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I tell ye, banks of Krumley,


'T is not your sunny days That set your meadows up and down With blossoms all ablaze.

The flowers that love her crowd to bloom
Along her trodden ways.

O dim and dewy Krumley,
'T is not your birds at all
That make the air one warble
From rainy spring to fall.
They only mock the sweeter songs
That from her sweet lips fall.

O bold, bold winds of Krumley,

Do ye mean my heart to break,
So light ye lift her yellow hair,
So lightly kiss her cheek?

O flower and bird, O wave and wind,
Ye mean my heart to break!

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Sang in the wild insanity of glee;

And seemed, in the same lays, Calling his mate and uttering songs of pre.

The golden grasshopper did chirp and sing;
The plain bee, busy with her housekeep-
Kept humming cheerfully upon the wing,
As if she understood
That, with contentment, labor was a good.

To the Creator lift a smiling face,
I saw each creature, in his own best place,
Praising continually his wondrous grace;
As if the best of all

Life's countless blessings was to live at all!

So with a book of sermons, plain and true, Hid in my heart, where I might turn them through,

I went home softly, through the falling dew,

Still listening, rapt and calm, To Nature giving out her evening psalm.

While, far along the west, mine eyes discerned,

Where, lit by God, the fires of sunset burned,

The tree-tops, unconsumed, to flame were turned;

And I, in that great hush, Talked with His angels in each burning bush!


ONE Sweetly welcome thought,
Comes to me o'er and o'er;

I'm nearer home to-day

Than I've ever been before;

Nearer my Father's house

Where the many mansions be; Nearer the Great White Throne, Nearer the Jasper Sea;

Nearer that bound of life,

Where we lay our burdens down, — Nearer leaving the cross,

Nearer gaining the crown.

But lying dimly between,

Winding down through the night, Lies the dark and uncertain stream That leads us at length to the light.

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Feel as I would, were my feet


Even now slipping over the brink, — For it may be I am nearer home, Nearer now, than I think!


O LAND, of every land the best, —
O Land, whose glory shall increase;
Now in your whitest raiment drest

For the great festival of peace:

Take from your flag its fold of gloom, And let it float undimmed above, Till over all our vales shall bloom The sacred colors that we love.

On mountain high, in valley low,
Set Freedom's living fires to burn;
Until the midnight sky shall show

A redder glory than the morn.

Welcome, with shouts of joy and pride, Your veterans from the war-path's track;

You gave your boys, untrained, untried; You bring them men and heroes back!

And shed no tear, though think you must With sorrow of the martyred band; Not even for him whose hallowed dust Has made our prairies holy land.

Though by the places where they fell, The places that are sacred ground, Death, like a sullen sentinel,

Paces his everlasting round.

Yet when they set their country free, And gave her traitors fitting doom, They left their last great enemy, Baffled, beside an empty tomb.


Not there, but risen, redeemed, they go Where all the paths are sweet with flowers;

They fought to give us peace, and lo! They gained a better peace than ours.



O HAPPY, happy maid,

In the year of war and death

She wears no sorrow!

By her face so young and fair,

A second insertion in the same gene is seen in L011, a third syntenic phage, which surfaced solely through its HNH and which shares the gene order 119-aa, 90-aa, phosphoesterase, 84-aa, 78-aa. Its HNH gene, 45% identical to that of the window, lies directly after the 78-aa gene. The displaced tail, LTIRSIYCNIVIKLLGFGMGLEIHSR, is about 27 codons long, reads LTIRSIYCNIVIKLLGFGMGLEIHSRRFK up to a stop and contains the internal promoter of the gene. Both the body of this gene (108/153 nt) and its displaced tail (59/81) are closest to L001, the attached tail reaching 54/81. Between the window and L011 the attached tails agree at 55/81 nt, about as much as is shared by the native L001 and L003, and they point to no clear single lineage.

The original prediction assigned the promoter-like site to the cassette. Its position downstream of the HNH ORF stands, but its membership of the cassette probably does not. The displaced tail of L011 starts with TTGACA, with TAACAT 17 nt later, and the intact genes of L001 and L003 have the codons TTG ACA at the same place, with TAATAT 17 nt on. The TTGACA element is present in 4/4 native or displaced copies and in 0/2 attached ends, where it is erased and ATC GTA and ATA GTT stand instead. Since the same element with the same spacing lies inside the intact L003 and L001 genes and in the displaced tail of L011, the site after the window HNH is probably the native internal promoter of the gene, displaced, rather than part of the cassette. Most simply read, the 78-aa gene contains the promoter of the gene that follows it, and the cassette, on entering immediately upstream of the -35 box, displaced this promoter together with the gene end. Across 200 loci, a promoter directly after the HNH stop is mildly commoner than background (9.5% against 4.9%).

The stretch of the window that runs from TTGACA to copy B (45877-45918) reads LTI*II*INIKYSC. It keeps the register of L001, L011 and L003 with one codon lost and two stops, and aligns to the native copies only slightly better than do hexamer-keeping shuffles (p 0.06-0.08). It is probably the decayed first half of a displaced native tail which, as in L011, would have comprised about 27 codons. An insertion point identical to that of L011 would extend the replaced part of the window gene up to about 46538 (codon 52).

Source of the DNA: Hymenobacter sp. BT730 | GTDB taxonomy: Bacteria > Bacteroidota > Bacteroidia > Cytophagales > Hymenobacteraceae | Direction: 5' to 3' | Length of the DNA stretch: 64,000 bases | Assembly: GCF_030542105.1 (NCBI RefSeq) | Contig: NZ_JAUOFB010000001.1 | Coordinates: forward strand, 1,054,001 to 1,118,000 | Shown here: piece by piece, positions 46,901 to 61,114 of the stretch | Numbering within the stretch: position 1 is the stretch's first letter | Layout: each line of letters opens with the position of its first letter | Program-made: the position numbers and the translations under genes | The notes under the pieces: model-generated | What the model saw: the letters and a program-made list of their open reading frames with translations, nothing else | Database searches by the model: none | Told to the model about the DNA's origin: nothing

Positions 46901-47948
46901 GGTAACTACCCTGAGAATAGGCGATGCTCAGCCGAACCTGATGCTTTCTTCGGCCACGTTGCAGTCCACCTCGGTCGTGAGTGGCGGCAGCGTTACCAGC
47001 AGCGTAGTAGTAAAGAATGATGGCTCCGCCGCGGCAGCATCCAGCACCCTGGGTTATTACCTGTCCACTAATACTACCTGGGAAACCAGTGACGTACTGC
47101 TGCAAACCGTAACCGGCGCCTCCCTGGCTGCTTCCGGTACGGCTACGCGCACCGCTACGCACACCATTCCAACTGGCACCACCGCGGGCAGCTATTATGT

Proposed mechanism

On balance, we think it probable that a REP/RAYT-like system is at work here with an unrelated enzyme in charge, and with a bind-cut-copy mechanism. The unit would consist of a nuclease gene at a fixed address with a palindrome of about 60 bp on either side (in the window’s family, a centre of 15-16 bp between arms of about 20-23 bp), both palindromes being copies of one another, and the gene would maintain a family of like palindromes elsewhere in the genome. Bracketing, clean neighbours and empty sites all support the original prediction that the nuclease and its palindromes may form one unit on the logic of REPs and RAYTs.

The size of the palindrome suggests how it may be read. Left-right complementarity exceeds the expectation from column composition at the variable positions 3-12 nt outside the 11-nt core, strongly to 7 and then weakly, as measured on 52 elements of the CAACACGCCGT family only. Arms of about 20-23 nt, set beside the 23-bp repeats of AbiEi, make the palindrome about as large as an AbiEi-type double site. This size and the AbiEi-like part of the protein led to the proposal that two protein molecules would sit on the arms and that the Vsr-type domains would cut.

By the happy wreath

That rules her happy hair,

She might be a bride to-morrow!
She sits and sings within her moonlit

Her moonlit bower in rosy June,
Yet al, her bridal breath,
Like fragrance from some sweet night-
blowing flower,

Moves from her moving lips in many a mournful tune!

She sings no song of love's despair,
She sings no lover lowly laid,

No fond peculiar grief

Has ever touched or bud or leaf

Of her unblighted spring.

She sings because she needs must sing;
She sings the sorrow of the air
Whereof her voice is made.
That night in Britain howsoe'er
On any chords the fingers strayed
They gave the notes of care.
A dim sad legend old
Long since in some pale shade
Of some far twilight told,
She knows not when or where,
She sings, with trembling hand on trem.
bling lute-strings laid :-

The murmur of the mourning ghost
That keeps the shadowy kine,

"O Keith of Ravelston,

The sorrows of thy line!"

Ravelston, Ravelston,

The merry path that leads Down the golden morning hill, And through the silver meads;

Ravelston, Ravelston,

The stile beneath the tree,

The maid that kept her mother's kine,
The song that sang she!

She sang her song, she kept her kine,
She sat beneath the thorn
When Andrew Keith of Ravelston
Rode through the Monday morn;

His henchmen sing, his hawk-bells ring,

His belted jewels shine!

O Keith of Ravelston,

The sorrows of thy line!

Year after year, where Andrew came,

Comes evening down the glade,
And still there sits a moonshine ghost
Where sat the sunshine maid.

Her misty hair is faint and fair,
She keeps the shadowy kine;
O Keith of Ravelston,

The sorrows of thy line!

I lay my hand upon the stile,
The stile is lone and cold,
The burnie that goes babbling by
Says naught that can be told.

Yet, stranger! here, from year to year,
She keeps her shadowy kine;

O Keith of Ravelston,

The sorrows of thy line!

Step out three steps, where Andrew stood:
Why blanch thy cheeks for fear?
The ancient stile is not alone,

"T is not the burn I hear!

She makes her immemorial moan, She keeps her shadowy kine;

O Keith of Ravelston,

The sorrows of thy line!



COMES Something down with eventide,
Beside the sunset's golden bars,
Beside the floating scents, beside
The twinkling shadows of the stars.

Upon the river's rippling face,
Flash after flash the white

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